CANAL fans are being invited to walk down into the bottom of a drained lock on the Kennet & Avon Canal at Seend on Saturday to see repair and restoration works up close.

Three canal locks in Seend are receiving some well-earned attention as part of the Canal & River Trust’s £38 million five-month maintenance programme across waterways in England and Wales from November to March.

The charity is spending £281,000 on Wiltshire locks 17, 18 and 19 on the Kennet & Avon Canal to ensure they are working smoothly for the forthcoming busy boating season and to help conserve water.

In total eight new gates have been made and are being fitted into place at locks 18 and 19, the handmade bespoke gates alone costing £180,000.

Robin Hunter, Canal & River Trust site supervisor working on the repairs, says: “We’ve finished the work at Lock 19, fitting four brand new gates, and are now braving the cold to fit new gates at lock 18 and repair the brickwork at lock 17.

“In order to carry out the work we’ve drained the water from each lock and cleared the brickwork at the bottom of the lock of the silt which builds up over the years.

“I was actually part of the team which changed the gates at lock 18 20 years ago so it’s nice to be part of the cycle of the canal.”

To celebrate the essential works, the charity is holding a free public open day on Saturday. People will be able to walk down into the drained chamber of lock 18 to see the new gates up close.

They will also be able to talk to engineers about the challenges and rewards of repairing 18th-century engineering with 21st-century technology.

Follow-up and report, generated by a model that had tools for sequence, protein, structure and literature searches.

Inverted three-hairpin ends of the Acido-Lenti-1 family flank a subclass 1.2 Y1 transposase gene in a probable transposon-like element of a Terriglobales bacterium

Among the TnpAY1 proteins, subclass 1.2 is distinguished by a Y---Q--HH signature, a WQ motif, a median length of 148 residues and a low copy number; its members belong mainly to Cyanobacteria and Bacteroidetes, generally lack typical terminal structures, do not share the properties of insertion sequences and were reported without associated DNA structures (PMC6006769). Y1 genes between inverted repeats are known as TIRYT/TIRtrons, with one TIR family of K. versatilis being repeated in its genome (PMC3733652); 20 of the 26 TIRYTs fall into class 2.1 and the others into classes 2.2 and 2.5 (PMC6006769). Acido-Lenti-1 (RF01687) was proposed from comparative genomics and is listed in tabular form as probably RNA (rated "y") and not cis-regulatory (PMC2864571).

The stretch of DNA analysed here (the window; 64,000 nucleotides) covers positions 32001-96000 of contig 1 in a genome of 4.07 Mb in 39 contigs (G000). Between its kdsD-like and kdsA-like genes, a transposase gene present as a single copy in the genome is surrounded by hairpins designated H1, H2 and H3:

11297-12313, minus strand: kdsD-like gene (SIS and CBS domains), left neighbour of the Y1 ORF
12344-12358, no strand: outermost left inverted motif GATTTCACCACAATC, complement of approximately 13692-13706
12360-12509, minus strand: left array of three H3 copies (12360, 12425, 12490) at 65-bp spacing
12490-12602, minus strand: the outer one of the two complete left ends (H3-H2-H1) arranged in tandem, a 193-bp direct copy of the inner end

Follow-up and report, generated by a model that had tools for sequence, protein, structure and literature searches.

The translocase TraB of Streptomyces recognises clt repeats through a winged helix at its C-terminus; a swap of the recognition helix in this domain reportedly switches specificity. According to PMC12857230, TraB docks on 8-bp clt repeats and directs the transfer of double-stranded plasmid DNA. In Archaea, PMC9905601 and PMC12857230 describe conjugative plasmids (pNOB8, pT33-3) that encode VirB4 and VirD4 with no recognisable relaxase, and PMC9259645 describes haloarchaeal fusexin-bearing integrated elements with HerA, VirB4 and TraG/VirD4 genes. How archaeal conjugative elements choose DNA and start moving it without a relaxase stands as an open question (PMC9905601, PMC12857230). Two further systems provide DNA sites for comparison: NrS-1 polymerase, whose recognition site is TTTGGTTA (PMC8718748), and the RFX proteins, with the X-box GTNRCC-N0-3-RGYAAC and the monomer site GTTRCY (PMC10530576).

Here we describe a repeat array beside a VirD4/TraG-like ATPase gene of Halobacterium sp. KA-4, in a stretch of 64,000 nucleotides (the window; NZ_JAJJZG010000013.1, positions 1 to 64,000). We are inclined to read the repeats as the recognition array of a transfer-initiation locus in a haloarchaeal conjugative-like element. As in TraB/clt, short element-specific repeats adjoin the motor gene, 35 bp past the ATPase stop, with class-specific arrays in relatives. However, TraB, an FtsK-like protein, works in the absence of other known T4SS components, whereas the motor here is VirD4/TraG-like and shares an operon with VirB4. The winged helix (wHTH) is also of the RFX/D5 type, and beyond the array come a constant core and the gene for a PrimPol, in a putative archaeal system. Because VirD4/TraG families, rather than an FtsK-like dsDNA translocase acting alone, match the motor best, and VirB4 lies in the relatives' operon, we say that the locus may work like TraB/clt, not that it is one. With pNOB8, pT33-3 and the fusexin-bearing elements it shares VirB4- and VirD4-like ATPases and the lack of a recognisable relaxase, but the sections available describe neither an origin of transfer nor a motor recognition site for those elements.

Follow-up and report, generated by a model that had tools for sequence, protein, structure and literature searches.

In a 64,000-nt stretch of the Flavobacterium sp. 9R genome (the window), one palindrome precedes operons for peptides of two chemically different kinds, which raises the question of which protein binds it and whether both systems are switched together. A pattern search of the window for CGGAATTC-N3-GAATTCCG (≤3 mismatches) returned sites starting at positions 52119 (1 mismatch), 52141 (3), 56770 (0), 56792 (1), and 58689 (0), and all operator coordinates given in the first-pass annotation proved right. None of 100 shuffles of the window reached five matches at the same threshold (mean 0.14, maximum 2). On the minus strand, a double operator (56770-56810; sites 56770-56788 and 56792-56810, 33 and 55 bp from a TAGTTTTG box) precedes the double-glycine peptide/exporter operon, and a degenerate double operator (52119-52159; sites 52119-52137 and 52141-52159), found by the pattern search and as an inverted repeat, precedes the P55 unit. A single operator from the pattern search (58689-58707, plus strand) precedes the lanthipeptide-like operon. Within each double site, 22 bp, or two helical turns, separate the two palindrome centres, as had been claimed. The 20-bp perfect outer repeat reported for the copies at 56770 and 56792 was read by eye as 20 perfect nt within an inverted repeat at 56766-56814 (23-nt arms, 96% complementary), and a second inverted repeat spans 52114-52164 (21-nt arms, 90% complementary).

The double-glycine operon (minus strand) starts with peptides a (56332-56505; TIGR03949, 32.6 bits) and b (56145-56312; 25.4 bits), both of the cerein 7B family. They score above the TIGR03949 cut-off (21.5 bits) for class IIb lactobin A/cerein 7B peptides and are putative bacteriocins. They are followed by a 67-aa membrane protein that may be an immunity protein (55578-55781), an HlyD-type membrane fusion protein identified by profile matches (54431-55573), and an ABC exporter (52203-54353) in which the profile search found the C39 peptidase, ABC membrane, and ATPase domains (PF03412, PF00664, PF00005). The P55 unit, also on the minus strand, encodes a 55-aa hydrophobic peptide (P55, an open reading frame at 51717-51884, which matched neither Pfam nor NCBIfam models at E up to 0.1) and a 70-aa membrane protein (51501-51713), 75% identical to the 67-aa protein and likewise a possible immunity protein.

There will also be family activities, poetry recitals and virtual headsets to take a walk along stretches of waterway all across the country.

The lock gates are being replaced as part of Canal & River Trust’s annual £38 million, five-month programmer of repairs to England and Wales’ waterways between November and March.

The charity carries out an annual programme of restoration and repairs to the nation’s waterways during the winter to minimise the inconvenience of navigation closures to boaters during the busy summer season.

Richard Parry, chief executive of Canal & River Trust, says: “Our teams work year-round to keep the waterways open and safe for everyone to enjoy, which requires a huge amount of planning, investment and craftsmanship as well as a wide range of knowledge and expertise.” By opening the lock to the public we can give them a glimpse into the waterways’ original 18th Century design and explain the scale of the Canal & River Trust’s work to care for the waterways now. We believe that whatever you do life is better by water so we want to inspire more people to support us to ensure we can continue to make our waterways great places to enjoy.”

To find out more about the Restoration & Repairs programme and the open days happening across the country go to